During Black History Month, I had the privilege to digitally meet a few Black women leaders in violence against women (VAW) shelters throughout Canada. My goal was to have a meaningful discussion on what it’s like for Black women to work in this sector and how shelters can better serve Black women and children fleeing violence. As someone new to this sector, I didn’t know much about what was being done to support, connect, and educate Black women on VAW. This can be attributed to the fact that there isn’t a lot of in-depth research on violence against Black women. Knowing this, I looked into the data collected by WSC when we distributed COVID-19 federal funds to shelters across the country and relied on the experiences of women working in the field to gain more insight into the current situation.
While Black women make up 3.5% of the female population in Canada, women’s shelters reported that they anticipated 9% of women served during the pandemic would be Black women. But in Canada’s metropolitan areas, the number is even larger at 28%. As the pandemic continues to unfold, Black women are disproportionately represented in shelters across the country.
When I shared these stats with Carla Neto, Community Programs Manager at Women’s Habitat in Etobicoke, ON, she said, “If Black women had the economic power to have different options, I don’t think we would be seeing as many Black women in shelters staying for long periods. When we talk about choice and decision making, we make the mistake of thinking that all women have the same options – but not all women are created equal.”
Most Black women are not afforded the same opportunities as other demographics due to a long history of systemic racism and colonization. For some Black women, shelters are the only option they have to escape abuse.
In some regions in Canada, women of colour feel a lack of safety in shelters due to a history of institutionalized racism. In the wake of the BLM movement, many organizations recognized that one solution to this problem was more diversity and inclusion training for staff. But after talking to these Black women leaders, we all concluded that training is not enough. There needs to be a more humanistic and empathetic approach that includes rewriting our culture, unlearning biases, and learning how to sit with the discomfort we all feel when talking about racism, sexism, homophobia, classism, etc.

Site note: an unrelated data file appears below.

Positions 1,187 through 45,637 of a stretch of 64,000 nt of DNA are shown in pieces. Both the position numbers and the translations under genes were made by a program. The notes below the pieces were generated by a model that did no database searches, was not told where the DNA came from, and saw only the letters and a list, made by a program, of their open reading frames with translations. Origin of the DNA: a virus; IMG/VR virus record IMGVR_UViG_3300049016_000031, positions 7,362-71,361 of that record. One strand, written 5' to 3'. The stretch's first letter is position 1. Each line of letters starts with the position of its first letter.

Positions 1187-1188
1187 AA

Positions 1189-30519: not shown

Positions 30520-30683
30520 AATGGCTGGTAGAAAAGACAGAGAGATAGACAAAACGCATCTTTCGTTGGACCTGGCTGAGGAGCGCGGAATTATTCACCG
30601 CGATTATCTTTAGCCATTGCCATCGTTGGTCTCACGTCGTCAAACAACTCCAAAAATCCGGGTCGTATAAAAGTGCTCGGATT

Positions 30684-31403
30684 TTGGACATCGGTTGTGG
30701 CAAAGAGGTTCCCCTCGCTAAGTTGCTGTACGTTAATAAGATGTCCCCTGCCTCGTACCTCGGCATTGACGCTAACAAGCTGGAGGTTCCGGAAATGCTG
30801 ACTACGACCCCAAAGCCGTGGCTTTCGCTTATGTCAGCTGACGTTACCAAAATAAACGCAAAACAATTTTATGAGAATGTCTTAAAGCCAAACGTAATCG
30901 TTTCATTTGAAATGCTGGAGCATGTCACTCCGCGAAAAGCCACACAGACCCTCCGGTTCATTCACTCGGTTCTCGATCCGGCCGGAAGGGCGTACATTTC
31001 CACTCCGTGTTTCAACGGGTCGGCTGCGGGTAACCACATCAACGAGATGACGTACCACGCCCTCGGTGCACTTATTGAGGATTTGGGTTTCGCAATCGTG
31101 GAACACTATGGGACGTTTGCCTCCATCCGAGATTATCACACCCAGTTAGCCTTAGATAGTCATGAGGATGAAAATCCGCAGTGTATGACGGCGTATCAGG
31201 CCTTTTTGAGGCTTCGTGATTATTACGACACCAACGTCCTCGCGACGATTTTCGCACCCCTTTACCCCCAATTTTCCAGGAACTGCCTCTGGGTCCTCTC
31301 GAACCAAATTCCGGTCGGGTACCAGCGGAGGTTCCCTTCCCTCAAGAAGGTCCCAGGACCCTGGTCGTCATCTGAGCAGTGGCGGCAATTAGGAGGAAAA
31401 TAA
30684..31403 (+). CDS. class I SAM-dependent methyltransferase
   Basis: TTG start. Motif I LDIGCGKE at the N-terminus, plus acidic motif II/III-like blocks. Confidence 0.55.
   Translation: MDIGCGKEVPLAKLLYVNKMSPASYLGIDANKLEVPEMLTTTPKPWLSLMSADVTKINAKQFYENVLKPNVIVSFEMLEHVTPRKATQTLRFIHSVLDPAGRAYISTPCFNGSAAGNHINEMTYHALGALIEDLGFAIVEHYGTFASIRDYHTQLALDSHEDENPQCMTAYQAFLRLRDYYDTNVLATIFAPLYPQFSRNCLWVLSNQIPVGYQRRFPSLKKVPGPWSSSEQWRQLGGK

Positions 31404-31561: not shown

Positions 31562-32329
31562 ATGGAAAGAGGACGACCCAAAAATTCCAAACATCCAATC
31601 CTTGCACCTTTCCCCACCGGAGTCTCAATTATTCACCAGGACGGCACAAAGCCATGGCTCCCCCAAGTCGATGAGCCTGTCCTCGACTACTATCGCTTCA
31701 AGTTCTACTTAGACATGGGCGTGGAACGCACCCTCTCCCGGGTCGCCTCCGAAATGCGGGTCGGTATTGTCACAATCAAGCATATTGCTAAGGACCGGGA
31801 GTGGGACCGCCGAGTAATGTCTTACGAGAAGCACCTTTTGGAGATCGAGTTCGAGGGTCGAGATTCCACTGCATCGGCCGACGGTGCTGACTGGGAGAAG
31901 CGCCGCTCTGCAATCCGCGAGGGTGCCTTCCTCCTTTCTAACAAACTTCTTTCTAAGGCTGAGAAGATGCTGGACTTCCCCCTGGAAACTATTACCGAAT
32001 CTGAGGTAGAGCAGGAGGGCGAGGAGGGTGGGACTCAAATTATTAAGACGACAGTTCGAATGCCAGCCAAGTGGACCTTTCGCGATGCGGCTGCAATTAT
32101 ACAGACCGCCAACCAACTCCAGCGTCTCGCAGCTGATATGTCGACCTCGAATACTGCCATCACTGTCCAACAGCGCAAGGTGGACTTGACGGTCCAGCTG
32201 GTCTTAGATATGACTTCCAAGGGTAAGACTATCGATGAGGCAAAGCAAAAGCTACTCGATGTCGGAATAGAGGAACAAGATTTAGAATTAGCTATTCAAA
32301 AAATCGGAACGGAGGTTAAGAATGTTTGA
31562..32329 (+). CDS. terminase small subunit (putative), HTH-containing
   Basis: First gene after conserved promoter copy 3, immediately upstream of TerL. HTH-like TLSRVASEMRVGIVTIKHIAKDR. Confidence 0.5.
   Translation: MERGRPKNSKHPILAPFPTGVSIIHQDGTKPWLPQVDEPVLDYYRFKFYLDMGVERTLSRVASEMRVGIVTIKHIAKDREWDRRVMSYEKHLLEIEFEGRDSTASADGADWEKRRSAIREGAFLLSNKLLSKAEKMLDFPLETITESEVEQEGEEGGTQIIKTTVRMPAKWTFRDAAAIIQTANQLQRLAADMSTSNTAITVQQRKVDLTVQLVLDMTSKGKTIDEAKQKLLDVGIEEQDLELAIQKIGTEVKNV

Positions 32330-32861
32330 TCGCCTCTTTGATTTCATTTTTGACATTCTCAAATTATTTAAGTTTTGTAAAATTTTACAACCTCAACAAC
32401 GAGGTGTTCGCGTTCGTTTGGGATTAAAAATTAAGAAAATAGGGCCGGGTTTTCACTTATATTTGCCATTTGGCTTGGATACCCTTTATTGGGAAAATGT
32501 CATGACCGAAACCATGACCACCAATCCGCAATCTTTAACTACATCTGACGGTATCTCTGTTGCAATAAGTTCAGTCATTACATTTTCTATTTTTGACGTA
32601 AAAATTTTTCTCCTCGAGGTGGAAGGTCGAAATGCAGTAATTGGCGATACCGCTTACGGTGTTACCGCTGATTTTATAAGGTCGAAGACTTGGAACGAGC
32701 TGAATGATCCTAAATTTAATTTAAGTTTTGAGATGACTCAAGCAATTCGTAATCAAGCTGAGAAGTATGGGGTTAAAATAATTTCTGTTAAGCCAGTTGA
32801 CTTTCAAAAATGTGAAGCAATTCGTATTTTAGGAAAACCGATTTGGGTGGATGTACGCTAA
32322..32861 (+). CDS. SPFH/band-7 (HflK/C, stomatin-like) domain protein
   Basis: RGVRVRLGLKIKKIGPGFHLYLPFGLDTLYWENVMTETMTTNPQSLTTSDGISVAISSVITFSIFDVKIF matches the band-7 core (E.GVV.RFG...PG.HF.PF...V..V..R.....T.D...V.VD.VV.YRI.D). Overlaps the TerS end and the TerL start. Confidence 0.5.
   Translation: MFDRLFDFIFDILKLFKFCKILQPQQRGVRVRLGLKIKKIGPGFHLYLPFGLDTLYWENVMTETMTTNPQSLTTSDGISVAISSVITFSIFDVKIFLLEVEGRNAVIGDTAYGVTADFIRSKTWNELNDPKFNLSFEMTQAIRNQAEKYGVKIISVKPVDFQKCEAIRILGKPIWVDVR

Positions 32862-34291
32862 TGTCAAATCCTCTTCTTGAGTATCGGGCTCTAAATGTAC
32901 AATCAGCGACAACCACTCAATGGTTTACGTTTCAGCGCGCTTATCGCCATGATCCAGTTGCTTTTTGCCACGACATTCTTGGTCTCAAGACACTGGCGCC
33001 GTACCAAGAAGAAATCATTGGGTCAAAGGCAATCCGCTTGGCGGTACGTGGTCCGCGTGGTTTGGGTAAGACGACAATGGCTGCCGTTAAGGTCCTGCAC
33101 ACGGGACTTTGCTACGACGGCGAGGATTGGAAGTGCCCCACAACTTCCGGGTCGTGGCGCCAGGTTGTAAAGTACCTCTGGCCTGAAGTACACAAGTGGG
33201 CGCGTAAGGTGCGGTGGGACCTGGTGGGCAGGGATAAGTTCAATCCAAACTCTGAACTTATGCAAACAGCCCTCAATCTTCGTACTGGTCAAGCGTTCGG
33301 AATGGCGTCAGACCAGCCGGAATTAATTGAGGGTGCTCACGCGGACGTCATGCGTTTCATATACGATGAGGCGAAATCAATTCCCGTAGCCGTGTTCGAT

More Black representation is part of the process of making shelters a safer place for Black women.
Hawa Dumbuya-Sesay, Executive Director of the YWCA NWT, explained that “having more people of colour in shelters helps Black women feel safe and comfortable to share their struggles. Even though we have different cultures, we always have something in common as Black people.”
VAW Shelters are a reflection of our society and, as a sector created by women for women, we need to recognize that women are diverse and have different needs. When Black women are seeking services, we have different concerns like whether shelters understand our culture, food, language, immigration status, and hygienic needs. There is also a fear that, by seeking help, we will perpetuate negative stereotypes of the Black community.
Executive Director Lisa Ogbole from Imani’s Place in Allison, ON, said it best: “When these women seek help…they need to be shown love and not be castigated and seen as fraudsters for seeking services that are otherwise available to everyone. The workers should help them feel comfortable and reassure them that they will get better. Also, we are a unique kind of people; we like to get our hair done and love our cultural food.”
Shelters need to intentionally reach out to racialized communities and hire women of colour to build trust so Black women do not have to think twice about using these life-saving services.
Black women who are educated and successful like the women I interviewed are not immune to racial biases. No matter how much experience we have or how qualified we are, our capabilities will always be questioned. Black professionals in this sector still receive comments on how surprisingly eloquent and educated we are. Or how, at first meetings, Black women aren’t believed to be the manager or executive director of their shelters; they’ve been assumed to be housekeepers and assistants, positions stereotypically held by people of colour.
When reflecting on what shelters can do, Executive Director of The Redwood in Toronto, Abi Ajibolade, said, “I think a good place to start is to look inward and reflect on our role; that is the part we as women’s shelters play in perpetuating systemic oppression. Whether it is by having exclusionary policies or having a heavy reliance on law enforcement…there is a good reason for this deep-seated fear and distrust.”
One of the big take-aways from talking to my colleagues is that there is still a lot of work to be done and we have to keep the conversation going. Regardless of what month it is, we need to continuously share Black experiences and act against discrimination.
Women’s Shelters Canada is committed to continuing this conversation and highlighting Black experiences in this sector – we challenge you to do the same.